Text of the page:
Your lack of clue is actually part of your oath as a juror, to only consider the evidence provided to you in the courtroom by the lawyers under the observation of the judge. If they falsely assume you have a clue when you don't, that is their problem.

  • by Hatta (162192) on Friday December 17, 2010 @09:52AM (#34587084) Journal

    Imagine you've been falsely accused of child molestation based on the fault science of "recovered memories". The judge considers this settled science, so your defense team cannot question the scientific basis of the evidence. (This happens all the time with fingerprints). Wouldn't you want the jury to be able to do some research on their own to discover that recovered memories are a load of shit?

  • Re:Personally... (Score:5, Insightful)

    by mcgrew (92797) * on Friday December 17, 2010 @10:03AM (#34587270) Homepage Journal

    This is actually a non-story. You just can't DO that, in ANY court. No newspapers, encyclopedias, nothing like that. Thanks to that one dumb juror, Broward County just wasted a lot of taxpayers' money.

    I guess you have to partially fault whoever gives instructions to the jurors, as well.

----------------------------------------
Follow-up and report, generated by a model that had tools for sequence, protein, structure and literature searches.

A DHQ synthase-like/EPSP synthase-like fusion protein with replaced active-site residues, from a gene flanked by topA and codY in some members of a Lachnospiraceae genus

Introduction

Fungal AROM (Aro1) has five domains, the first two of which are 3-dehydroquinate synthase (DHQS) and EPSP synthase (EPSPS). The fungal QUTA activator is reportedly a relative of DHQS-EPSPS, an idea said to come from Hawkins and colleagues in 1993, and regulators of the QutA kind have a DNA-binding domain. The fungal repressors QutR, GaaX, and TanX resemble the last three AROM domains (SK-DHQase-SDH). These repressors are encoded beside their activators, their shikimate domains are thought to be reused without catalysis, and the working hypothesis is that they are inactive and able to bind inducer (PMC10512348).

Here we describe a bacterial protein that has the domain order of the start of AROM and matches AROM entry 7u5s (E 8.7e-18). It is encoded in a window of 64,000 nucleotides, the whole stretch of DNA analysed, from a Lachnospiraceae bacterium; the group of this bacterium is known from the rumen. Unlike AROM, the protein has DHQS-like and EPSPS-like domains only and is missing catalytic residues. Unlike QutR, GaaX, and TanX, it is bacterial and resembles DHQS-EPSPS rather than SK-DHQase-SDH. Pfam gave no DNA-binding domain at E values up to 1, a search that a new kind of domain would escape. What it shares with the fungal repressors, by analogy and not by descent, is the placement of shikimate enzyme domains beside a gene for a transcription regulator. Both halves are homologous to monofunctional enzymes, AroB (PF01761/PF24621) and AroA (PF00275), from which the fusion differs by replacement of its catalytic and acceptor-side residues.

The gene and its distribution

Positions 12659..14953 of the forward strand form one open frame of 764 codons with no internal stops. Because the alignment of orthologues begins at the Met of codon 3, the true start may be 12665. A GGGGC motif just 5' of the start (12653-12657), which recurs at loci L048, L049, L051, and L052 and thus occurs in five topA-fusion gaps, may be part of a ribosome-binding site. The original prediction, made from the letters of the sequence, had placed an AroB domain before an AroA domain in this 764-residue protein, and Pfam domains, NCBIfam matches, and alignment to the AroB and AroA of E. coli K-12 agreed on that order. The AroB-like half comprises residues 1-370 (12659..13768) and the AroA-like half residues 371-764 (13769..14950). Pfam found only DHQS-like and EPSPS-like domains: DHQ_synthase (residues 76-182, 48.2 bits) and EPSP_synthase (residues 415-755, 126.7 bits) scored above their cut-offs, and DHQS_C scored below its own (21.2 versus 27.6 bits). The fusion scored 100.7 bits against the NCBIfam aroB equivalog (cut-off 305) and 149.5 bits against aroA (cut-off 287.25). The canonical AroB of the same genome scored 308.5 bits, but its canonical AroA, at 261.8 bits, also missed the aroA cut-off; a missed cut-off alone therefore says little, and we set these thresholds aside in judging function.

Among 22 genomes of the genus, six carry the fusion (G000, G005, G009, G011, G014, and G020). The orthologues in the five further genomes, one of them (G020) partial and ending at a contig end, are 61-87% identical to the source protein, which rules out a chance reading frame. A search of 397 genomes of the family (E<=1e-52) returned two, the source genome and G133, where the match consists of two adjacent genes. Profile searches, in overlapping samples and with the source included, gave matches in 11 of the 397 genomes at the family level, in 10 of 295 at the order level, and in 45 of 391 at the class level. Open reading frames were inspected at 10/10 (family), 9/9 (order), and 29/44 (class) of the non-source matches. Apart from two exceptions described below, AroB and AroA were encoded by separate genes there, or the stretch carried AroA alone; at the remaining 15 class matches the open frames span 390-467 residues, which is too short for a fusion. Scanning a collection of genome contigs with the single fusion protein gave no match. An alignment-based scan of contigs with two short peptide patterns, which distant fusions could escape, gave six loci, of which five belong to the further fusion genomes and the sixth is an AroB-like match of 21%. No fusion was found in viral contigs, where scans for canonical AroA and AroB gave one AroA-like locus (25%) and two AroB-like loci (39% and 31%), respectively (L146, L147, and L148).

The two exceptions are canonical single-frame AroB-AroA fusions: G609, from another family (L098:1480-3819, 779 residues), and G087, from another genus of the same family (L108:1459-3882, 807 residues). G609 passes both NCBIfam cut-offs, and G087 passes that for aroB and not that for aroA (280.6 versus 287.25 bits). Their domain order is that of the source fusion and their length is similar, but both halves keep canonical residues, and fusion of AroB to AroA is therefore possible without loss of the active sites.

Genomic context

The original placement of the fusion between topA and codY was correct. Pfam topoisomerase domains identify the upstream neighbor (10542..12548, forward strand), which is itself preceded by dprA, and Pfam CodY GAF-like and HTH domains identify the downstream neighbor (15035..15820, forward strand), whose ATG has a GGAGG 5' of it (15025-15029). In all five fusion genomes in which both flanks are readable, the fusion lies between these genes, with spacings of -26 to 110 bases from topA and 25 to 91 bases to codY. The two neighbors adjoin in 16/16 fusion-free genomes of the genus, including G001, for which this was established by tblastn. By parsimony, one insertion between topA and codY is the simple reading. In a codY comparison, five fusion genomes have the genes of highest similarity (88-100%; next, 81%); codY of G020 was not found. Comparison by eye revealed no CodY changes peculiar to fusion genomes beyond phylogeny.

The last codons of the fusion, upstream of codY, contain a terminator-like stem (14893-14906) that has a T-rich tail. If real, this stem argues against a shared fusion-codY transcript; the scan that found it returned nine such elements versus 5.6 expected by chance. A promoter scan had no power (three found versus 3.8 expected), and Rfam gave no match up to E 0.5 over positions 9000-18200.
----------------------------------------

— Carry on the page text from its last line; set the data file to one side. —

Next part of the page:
• Re:Personally... (Score:1, Insightful)

    by dargaud (518470) <slashdot2NO@SPAMgdargaud.net> on Friday December 17, 2010 @10:17AM (#34587488) Homepage

    This is actually a non-story. You just can't DO that, in ANY court. No newspapers, encyclopedias, nothing like that. Thanks to that one dumb juror, Broward County just wasted a lot of taxpayers' money.
    I guess you have to partially fault whoever gives instructions to the jurors, as well.

    So what ? Are you supposed to be ignorant as to what a 'rape' is when you get into a jury ? Maybe ignore what the meaning of 'is' is ? What about knowing english ? If you feel like there is something you ought to know, while on jury duty or not, it PERFECTLY NORMAL to want to check it out, be it on the internet, on a dictionary, asking your neighbors or any other way. To think otherwise is obtuse, dumb and retrograde.
    If juries want to select only people who are ignorant, then don't be surprised when they award money to McDonald hot coffee defendants.

  • by macraig (621737) <(moc.liamg) (ta) (giarc.a.kram)> on Friday December 17, 2010 @10:19AM (#34587532)

    ... why didn't you just say so and be excused from the process?

    That's precisely what I did (my shortest stint ever), BUT I couldn't even make that decision in the complete absence of information that the judge imposed. That was my point: the judge was preventing an INFORMED affirmation.

  • Re:Well (Score:5, Insightful)

    by jbolden (176878) on Friday December 17, 2010 @10:20AM (#34587534) Homepage

    They are not allowed to look up material about the case. The definition of a term in general may or may not be about the case. That's a complex question of law. Say for example this rape occurred on an "Ottoman" and a juror looked up what that word meant...

    Frankly I think the judge over reacted by declaring a mistrial.

  • Re:Personally... (Score:5, Insightful)

    by jtdennis (77869) <oyr249m02.sneakemail@com> on Friday December 17, 2010 @10:25AM (#34587618) Homepage